Exemplary Release Ring (0300-0400) Embodiment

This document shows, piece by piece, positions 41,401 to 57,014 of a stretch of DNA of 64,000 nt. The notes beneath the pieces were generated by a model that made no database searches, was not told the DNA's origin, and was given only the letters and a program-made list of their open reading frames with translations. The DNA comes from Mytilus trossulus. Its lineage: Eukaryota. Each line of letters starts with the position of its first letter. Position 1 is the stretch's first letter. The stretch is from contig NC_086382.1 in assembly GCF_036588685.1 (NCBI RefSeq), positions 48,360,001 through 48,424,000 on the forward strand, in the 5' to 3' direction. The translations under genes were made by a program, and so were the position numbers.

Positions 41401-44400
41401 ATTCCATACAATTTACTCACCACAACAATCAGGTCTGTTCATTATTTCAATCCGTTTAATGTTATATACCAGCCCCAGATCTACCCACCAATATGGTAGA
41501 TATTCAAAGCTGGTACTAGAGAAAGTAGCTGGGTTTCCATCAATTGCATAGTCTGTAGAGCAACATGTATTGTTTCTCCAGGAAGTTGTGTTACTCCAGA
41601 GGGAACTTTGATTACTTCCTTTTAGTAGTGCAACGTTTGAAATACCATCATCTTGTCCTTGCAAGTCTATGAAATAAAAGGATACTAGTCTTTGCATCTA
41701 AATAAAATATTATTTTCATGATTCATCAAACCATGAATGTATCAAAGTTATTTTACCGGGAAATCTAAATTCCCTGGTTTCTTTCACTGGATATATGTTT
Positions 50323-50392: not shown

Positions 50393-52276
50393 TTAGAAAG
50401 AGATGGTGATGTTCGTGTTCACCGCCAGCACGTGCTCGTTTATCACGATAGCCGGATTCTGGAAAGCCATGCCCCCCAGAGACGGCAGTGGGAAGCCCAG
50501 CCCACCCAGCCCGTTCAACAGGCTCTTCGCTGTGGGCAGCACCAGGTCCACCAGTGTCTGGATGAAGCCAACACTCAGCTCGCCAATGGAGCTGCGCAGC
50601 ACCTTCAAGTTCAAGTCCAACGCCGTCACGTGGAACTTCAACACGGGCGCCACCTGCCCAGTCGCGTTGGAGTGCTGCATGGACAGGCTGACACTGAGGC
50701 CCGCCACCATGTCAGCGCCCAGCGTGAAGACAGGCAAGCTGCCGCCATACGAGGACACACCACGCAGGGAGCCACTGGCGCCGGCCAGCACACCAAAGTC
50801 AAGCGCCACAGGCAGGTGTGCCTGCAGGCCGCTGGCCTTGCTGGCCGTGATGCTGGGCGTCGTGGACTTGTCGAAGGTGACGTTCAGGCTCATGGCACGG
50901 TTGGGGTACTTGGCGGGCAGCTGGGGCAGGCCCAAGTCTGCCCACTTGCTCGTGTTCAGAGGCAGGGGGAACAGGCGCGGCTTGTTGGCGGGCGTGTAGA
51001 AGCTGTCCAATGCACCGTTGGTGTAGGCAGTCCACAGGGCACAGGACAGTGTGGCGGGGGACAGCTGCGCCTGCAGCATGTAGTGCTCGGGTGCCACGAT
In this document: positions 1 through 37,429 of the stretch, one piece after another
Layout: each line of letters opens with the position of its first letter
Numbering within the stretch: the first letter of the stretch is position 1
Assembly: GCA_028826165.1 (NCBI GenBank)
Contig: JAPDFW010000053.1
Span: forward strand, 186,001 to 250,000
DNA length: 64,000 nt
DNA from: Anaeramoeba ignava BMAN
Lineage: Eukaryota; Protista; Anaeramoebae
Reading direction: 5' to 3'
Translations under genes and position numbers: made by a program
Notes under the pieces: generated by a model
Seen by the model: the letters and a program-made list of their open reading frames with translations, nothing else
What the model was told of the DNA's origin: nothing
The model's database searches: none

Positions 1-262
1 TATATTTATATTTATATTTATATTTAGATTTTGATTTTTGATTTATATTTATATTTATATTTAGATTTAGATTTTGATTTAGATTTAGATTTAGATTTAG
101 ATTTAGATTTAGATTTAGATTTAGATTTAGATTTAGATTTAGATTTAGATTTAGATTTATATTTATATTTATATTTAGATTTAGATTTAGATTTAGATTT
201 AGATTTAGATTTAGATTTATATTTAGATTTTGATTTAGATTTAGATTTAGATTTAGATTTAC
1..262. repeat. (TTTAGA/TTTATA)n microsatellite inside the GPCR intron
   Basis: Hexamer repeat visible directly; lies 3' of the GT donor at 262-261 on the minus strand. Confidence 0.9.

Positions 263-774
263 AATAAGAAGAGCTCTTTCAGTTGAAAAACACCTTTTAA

As generally illustrated in FIG. 3 (0300), a detailed cross section view of a release ring may comprise an upper hollow threaded section (0303) attached to a lower hollow threaded section (0301). Inner threads (0302) disposed on the inside surface of the upper hollow threaded section (0303) may be provided for coupling with outer threads of a setting tool. A wellbore setting tool may set a bridge plug and release the bridge plug in place after setting. The setting tool may use a certain force required to push on the slips that are disposed on the outside of the bridge plug and pull on the release ring to expand the slips and set the bridge plug against an inner surface of a wellbore casing. Similarly, the setting tool may further pull on the release ring and push on the slips with a greater force so that the release ring shears at a weak point in the lower threaded section (0301). The wellbore setting tool may comprise an extended section with outer threads that thread into the inner threads (0302) of the upper threaded section of the release ring. The number of threads and the length of the upper threaded section may be selected to withstand the force of setting a composite bridge plug with a wellbore setting tool. Similarly, the number of threads and the length of the lower threaded section may be selected so as to withstand the force of setting and a force of removal of the wellbore setting tool while leaving the bridge plug and lower threaded section (0301) of the release ring with the bridge plug. The lower threaded section of the release ring may comprise a thin section (0304) that is designed to shear during removal of a wellbore setting tool without shearing at the threaded portion of the release ring. It should be noted that prior art setting tools and plugs are designed to shear at a threaded portion of a plug. According to a preferred exemplary embodiment a thin section in a release ring is specifically designed for shearing during removal process. According to a preferred exemplary embodiment, the thickness of the thin section may range from 0.01 in. to 1 in. According to a more preferred exemplary embodiment, the thickness of the thin section may range from 0.03 in. to 0.8 in. According to a most preferred exemplary embodiment, the thickness of the thin section may range from 0.05 in. to 0.2 in. The thin section may form a groove, an indentation or a channel. According to a preferred exemplary embodiment, when a configurable composite bridge plug is set by a setting tool in a wellbore casing, the release ring shears at a groove in the thin section during removal of said setting tool. According to further exemplary embodiment, outer threads in the lower threaded section (0301) retain a cage retainer and a ball seat that are disposed in a hollow section at the upper end of a bridge plug. FIG. 4 (0400) generally illustrates a perspective view of the release ring illustrated in FIG. 3 (0300).